How did you approach researching Monet, the man, and his art? What was the most surprising or unexpected thing you learned during this process?

Joe: Over the next fifty years [after college art classes], I attended nearly every museum exhibiting his work throughout the US and in Paris.

In reading books about Monet’s art, I found very little about the man himself. I continued collecting and reading books and was able to glean bits and pieces about his life and personality.

I visited his home in Giverny, France, several times, even staying in the house once owned by his son. I’ve read all of his letters that I could find that are translated.

My next challenge is to learn French. I learned that he dedicated himself completely to his art. Despite many setbacks and failures to find acceptance of his art, he never wavered in his vision and drive to attain his goals.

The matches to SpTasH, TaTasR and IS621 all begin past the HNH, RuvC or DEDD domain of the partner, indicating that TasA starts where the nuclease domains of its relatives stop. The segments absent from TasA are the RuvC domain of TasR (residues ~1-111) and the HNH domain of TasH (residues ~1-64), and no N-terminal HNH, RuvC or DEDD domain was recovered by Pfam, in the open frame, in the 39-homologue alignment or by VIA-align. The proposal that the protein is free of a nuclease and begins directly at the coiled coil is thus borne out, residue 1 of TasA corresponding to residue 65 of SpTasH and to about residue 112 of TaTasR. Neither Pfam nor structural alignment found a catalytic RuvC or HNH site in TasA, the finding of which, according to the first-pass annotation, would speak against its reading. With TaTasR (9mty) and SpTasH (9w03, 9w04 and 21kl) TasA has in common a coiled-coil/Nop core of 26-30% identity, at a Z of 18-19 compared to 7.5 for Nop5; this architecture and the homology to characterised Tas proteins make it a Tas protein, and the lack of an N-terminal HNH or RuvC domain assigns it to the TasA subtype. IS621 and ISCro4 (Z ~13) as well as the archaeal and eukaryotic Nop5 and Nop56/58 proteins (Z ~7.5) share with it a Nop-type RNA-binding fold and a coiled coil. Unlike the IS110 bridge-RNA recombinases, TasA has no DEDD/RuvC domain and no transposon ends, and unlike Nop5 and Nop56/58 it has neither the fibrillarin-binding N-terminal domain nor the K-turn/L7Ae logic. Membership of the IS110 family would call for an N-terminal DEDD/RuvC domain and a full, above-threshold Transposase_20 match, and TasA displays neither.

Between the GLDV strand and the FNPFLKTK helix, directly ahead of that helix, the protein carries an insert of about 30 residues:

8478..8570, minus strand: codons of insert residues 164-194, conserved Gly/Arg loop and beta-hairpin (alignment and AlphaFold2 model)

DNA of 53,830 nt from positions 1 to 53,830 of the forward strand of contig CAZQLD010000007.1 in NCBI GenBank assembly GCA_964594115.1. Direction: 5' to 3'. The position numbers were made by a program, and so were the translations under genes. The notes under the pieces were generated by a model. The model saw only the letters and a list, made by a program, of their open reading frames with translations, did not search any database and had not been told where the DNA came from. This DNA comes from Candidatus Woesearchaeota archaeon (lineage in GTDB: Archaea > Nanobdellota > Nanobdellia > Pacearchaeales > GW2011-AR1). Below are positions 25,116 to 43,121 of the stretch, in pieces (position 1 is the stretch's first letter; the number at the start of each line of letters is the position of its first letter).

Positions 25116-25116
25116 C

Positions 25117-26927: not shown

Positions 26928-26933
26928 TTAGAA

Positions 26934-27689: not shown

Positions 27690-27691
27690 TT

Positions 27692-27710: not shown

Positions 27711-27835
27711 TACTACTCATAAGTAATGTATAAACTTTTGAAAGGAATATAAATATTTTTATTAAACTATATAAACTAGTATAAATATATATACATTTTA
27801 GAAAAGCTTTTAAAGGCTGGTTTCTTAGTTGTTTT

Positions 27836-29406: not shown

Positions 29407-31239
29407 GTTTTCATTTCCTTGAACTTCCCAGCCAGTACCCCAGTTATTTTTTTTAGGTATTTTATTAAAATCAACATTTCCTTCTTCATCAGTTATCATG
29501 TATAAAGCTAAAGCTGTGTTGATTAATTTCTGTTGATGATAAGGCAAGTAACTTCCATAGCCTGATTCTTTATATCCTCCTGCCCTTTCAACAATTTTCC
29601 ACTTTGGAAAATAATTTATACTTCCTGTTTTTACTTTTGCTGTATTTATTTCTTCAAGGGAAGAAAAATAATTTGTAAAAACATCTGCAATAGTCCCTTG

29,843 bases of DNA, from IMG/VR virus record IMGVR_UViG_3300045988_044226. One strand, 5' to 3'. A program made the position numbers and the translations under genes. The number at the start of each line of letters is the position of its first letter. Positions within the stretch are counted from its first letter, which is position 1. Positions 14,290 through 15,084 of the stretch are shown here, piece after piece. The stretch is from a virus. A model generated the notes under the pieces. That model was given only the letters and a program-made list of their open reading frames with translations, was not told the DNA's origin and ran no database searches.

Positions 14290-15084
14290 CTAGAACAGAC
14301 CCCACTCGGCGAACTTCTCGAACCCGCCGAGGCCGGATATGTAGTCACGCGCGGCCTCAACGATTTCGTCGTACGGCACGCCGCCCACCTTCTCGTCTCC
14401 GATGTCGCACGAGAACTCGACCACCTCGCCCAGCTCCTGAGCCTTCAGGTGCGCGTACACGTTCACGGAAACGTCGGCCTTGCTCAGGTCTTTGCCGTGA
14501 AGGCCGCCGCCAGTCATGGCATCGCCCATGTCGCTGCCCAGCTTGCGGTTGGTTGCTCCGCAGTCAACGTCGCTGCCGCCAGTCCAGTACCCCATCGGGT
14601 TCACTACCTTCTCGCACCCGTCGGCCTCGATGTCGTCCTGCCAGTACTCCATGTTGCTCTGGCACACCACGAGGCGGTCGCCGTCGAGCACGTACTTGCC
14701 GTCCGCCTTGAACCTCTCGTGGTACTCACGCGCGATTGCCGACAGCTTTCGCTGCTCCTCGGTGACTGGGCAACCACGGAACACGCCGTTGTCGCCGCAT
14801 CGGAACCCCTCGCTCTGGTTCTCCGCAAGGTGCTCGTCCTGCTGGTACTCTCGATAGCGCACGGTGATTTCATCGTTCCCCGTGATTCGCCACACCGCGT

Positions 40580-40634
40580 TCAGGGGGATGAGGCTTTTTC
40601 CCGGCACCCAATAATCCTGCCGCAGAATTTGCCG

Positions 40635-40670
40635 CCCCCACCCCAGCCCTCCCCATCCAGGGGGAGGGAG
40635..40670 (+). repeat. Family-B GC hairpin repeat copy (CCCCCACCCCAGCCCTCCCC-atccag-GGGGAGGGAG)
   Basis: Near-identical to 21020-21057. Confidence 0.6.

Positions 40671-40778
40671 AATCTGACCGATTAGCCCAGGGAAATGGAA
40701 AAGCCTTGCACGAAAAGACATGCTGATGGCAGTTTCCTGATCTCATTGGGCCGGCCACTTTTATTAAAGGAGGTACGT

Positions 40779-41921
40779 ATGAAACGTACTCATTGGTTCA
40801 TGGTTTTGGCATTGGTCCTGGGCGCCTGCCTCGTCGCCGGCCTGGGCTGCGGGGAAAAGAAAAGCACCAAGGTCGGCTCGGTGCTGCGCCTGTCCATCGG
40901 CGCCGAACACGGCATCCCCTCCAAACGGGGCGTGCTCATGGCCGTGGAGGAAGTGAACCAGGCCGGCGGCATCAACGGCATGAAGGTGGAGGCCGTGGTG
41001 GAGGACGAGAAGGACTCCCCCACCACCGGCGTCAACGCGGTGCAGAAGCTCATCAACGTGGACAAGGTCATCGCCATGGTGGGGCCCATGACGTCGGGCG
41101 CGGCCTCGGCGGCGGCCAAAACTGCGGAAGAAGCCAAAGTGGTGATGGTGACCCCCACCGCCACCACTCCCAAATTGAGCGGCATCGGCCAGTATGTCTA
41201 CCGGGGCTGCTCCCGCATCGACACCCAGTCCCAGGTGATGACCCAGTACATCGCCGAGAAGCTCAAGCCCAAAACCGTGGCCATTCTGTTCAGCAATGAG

Stylistic decisions and subject matter

Jordan: That drive is so key, to writing, too. To persevere and grow whether or not there is an audience or adulation at that moment.

Glowing reviews have been coming in and many readers have commented on the pleasure of the richness of your descriptive detail throughout the story.

Were there specific stylistic decisions you made because of the subject matter? I noticed, for example, many references to light which is an important aspect of Impressionism. For example:

He captured the fractured light on the water’s surface and the rays filtering into the depths beneath them. No ground, no sky—just the water and the willows interwoven in patterns of colors and shapes. He looked to be painting the essence of the light that moved on the surface of the pond.

Joe: Monet considered himself a gardener first and a painter second.

He spent his painting career trying to capture the effects of light in a variety of settings from train stations, to seascapes, to grain fields, and finally to his garden and lily pond.